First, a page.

Micronised progesterone (Prometrium) is now the first choice progestogen as there is a lower risk of breast cancer, clots and mood changes and there is the added benefit for improving sleep. In Australia, it is only available by private prescription. It is effective in protecting the endometrium when used 100mg daily, 200mg for 12-14 days a month and may be used at 300mg daily for treatment of flushes and sleep disturbance. It can be used alone in early perimenopause when the main hormonal change is luteal phase insufficiency (following anovulation) with low progesterone, especially if symptoms are occurring in the last half of the cycle.


What if you think the progestogen in your MHT is causing mood changes?

  • Trial a cyclic fashion if you are taking it continuously as this should mean your mood changes are only present when using it and can help confirm your suspicion.
  • Switch progestogens – they all have different actions.
  • Use a Mirena IUD where only a very small amount is released into the bloodstream
  • Switch to tibolone or Duavive (currently not available)
  • Switch to an oestradiol / progestin patch (Estalis) as the transdermal route results in different metabolites
  • Reduce the oestradiol dose to 12.5mcg which can still protect bones and may treat flushes but needs less frequent progestogen use eg a few times a year
  • Use progesterone vaginally which reduces active metabolites (this is an off-label use and requires less frequent dosing as the protective effect occurs locally eg 3 times a week)
  • Use non-hormonal therapies
  • Having a hysterectomy removes the need for progestin.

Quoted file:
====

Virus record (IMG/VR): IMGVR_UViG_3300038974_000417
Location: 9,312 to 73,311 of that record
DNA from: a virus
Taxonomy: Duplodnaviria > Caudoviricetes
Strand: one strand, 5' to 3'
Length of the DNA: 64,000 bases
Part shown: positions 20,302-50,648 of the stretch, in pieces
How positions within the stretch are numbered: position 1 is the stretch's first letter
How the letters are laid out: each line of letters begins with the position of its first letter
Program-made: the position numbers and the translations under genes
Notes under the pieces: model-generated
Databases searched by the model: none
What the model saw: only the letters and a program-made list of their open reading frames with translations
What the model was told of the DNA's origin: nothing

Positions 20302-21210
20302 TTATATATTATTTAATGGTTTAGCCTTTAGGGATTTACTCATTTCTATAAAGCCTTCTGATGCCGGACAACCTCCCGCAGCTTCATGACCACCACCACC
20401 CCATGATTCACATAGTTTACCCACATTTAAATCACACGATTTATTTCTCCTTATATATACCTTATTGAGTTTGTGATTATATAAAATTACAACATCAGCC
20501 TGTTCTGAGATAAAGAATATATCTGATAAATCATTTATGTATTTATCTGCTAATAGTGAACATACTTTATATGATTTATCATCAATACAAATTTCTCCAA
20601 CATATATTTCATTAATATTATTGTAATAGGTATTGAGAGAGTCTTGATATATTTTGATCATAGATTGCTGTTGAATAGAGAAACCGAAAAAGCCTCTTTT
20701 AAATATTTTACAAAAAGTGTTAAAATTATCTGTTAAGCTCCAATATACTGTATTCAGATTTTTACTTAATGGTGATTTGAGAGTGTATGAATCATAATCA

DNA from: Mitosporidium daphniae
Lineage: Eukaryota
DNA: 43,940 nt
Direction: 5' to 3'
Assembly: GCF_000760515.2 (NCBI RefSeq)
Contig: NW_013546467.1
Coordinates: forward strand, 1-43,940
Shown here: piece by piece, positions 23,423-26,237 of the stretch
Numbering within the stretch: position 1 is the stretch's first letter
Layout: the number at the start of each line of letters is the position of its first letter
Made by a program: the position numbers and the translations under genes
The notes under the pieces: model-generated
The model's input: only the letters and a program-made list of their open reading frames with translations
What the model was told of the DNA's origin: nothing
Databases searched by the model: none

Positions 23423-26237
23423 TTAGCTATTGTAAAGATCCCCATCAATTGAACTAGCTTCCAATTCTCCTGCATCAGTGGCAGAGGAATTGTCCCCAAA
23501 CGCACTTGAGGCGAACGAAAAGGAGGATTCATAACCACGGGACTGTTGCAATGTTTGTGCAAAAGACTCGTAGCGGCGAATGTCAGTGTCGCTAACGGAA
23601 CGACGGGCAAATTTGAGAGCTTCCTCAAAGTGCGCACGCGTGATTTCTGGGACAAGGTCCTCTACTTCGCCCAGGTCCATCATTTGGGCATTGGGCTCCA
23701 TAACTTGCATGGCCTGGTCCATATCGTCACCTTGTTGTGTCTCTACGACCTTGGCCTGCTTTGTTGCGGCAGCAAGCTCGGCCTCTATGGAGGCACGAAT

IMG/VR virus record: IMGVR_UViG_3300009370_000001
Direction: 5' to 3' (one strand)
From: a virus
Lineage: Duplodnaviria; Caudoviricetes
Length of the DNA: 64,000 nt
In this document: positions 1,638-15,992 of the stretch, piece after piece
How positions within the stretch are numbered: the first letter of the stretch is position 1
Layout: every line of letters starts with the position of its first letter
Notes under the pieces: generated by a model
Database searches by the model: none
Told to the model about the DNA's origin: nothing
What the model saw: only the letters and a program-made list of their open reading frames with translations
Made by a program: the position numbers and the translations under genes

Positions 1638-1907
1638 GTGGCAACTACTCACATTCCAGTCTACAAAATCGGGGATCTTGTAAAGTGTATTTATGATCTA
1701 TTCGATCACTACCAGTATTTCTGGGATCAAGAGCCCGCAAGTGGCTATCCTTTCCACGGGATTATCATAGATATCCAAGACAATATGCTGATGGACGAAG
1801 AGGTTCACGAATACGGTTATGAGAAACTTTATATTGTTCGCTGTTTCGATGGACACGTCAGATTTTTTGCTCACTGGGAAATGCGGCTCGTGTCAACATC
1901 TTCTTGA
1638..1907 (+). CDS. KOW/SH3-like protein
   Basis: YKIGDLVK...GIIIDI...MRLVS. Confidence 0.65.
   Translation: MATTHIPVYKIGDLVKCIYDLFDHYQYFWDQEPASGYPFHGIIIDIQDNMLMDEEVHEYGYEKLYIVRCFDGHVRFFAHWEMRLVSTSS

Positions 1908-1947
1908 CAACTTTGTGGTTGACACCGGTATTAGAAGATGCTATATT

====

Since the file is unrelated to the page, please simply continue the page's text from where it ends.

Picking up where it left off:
Clearly some of these options are quite dramatic! These options are NOT direct medical advice, make sure you discuss any you might consider with your doctor before trialling them to make sure they are safe for you.




Women’s reproductive system as balanced estradiol and progesterone actions—A revolutionary, paradigm-shifting concept in women’s health. J Prior

Physiology, Progesterone. Jessie K. Cable; Michael H. Grider.

This information is for general educational purposes only and does not constitute medical advice. Please see your health professional for advice that is personalised to you.
Key Take Aways

Progesterone is a key female hormone, is present in much greater quantities than oestrogen, but is largely produced in the luteal phase.

“Progestogens” lock into progesterone receptors and include “progesterone” and “progestins”. They can be quite different in their potency and effects.

Progestogens protect the endometrium during MHT and also have specific physiological benefits.

Progestogens can have an impact on mood in some women but the mechanism is unclear.